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One of the 20th century’s most mysterious master shoemakers, Pietro Yantorny (born 1874, died 1936) designed and made these splendid embroidered red velvet shoes by hand. (1) It is but one of the 8 exquisite pairs that are in the Bata Shoe Museum’s fashion collection.
Yantorny was born in Calabria, Italy and began shoemaking at the age of 12, he worked steadily over the next decade toward his goal of moving to Paris and opening his own shop, after many diversions he eventually established a shop on Place Vendôme. To attract the elite clientele he sought, he posted a sign in the shop window that claimed he was “the most expensive shoemaker in the world”. Not long after that, the wealthiest women from around the world, but specifically clients from France, Russia and the United States began to take notice. Among them was Rita de Acosta Lydig a socialite from New York City who came to own 300 pairs of Yantorny’s custom made shoes with matching shoetrees.
There are many myths surrounding Yantorny and his shoes and it is an image that he, as an eccentric, cultivated. It has been reported that he was a curator at the Musée Cluny where he fell in love with historic textiles, and for many years it was stated that he created his beautiful shoe trees from the bodies of old Stradivarius violins. Neither of these is true but it is interesting to note that his image was as complex and exotic as many of his shoes. What is true and is equally interesting to note is that he remained illiterate throughout his life although he spoke Italian, French and English fluently and his exceptional, exclusive shoes took years to create and hundreds of dollars to own. He promised a perfect, individualized fit with sumptuous new and historic materials that reflected the personality of the wearer. He was obsessively committed to achieving the perfect fit for each person’s foot and has been quoted as saying that “shoes should fit like a silk stocking”.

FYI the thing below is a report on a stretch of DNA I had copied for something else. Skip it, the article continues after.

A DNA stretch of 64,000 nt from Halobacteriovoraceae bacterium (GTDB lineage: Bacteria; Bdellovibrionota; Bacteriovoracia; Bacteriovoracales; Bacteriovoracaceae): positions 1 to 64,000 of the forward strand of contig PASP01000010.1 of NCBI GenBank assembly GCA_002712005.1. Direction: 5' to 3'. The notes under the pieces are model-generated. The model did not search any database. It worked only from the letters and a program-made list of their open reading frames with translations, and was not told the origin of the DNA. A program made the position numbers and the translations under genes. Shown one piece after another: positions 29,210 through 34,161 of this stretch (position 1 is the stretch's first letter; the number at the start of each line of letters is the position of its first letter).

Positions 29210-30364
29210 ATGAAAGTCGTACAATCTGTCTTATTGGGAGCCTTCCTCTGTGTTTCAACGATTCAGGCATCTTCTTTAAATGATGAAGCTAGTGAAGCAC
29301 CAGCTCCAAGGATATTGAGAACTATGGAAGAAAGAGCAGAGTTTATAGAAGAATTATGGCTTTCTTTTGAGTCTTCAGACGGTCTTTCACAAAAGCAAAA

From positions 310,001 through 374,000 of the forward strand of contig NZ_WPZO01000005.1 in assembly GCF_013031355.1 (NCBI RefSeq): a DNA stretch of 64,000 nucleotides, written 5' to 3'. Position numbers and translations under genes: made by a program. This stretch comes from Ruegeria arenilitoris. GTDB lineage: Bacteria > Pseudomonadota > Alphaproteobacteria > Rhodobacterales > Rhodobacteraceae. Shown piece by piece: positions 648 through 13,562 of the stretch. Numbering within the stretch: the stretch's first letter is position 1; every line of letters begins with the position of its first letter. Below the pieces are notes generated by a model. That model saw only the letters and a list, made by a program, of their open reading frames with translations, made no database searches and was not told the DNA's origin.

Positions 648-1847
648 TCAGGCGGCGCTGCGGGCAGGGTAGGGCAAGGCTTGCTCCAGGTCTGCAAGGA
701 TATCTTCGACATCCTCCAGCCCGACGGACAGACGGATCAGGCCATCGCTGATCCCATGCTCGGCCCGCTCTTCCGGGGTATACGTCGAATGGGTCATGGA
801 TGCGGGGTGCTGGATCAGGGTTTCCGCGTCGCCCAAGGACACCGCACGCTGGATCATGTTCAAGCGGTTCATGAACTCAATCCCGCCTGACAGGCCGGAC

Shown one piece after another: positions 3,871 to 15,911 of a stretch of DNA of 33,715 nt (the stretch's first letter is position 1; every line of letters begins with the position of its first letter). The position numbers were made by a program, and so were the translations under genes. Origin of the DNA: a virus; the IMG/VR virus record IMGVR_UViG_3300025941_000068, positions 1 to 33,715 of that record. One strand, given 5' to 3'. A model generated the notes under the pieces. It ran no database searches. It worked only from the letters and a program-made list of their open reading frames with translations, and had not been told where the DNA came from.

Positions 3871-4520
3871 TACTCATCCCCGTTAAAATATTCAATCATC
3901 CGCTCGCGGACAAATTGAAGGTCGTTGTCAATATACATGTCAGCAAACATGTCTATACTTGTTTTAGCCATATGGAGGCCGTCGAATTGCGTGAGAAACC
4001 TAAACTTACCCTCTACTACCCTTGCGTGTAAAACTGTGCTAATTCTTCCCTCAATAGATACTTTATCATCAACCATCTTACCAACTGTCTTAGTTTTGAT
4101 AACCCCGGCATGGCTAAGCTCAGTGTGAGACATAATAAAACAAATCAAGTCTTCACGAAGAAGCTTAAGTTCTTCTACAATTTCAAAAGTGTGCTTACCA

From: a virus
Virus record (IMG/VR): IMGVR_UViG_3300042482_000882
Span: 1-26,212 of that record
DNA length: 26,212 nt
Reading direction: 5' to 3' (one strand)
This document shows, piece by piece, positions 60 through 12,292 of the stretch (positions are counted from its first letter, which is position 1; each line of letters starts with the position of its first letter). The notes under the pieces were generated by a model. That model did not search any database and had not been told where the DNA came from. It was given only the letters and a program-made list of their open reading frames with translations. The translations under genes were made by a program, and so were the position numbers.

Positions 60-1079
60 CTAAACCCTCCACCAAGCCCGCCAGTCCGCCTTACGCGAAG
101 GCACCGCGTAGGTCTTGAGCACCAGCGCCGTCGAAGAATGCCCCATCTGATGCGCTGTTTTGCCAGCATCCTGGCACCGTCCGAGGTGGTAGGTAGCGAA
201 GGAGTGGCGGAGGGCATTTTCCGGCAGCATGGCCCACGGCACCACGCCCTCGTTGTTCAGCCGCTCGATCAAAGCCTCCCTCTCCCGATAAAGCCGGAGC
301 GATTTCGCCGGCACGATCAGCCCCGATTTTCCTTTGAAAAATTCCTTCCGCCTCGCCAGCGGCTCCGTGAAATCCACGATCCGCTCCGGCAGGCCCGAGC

This particular pair of shoes was made in the 1920s and was donated to the museum by Mrs. Eric Weinmann. Both her mother, Countess Andre de Limur and her maternal grandmother Mrs. William H. Crocker were clients of Yantorny’s. These shoes as you can see, are striking from toe to heel; what is easily noted first is the deep, blood red colour of the velvet, offset with the luxurious gold thread embroidery and the paste buckle at the throat, but I’d also like to draw your attention to the silhouette of the shoes, they are sinuous and elegant without being fussy. From the gently sloping and waisted heel (2) to the tongue that is shaped like a minaret (3), they are a subtle combination of East and West. I can only imagine the rest of the outfit that would have accompanied these shoes; I am sure it would have been stately and elegant with just a hint of the exotic.
Yantorny saw shoemaking as an art. In fact the last entry in his journal, held in the collection of the Musée de la Chaussurein Romans, France, transcribed by his companion, describes a pair of exquisite feathered shoes that took him six months to make. In the translated journal, Yantorny is quoted as saying: “I didn’t make it with the intention of selling it, only as an art object and to show just how far I could push the envelope of shoemaking….My only aim is to leave something to a museum of the shoe that future generations could admire….”. Thank you Mr. Yantorny, you’ve done exactly that. (4)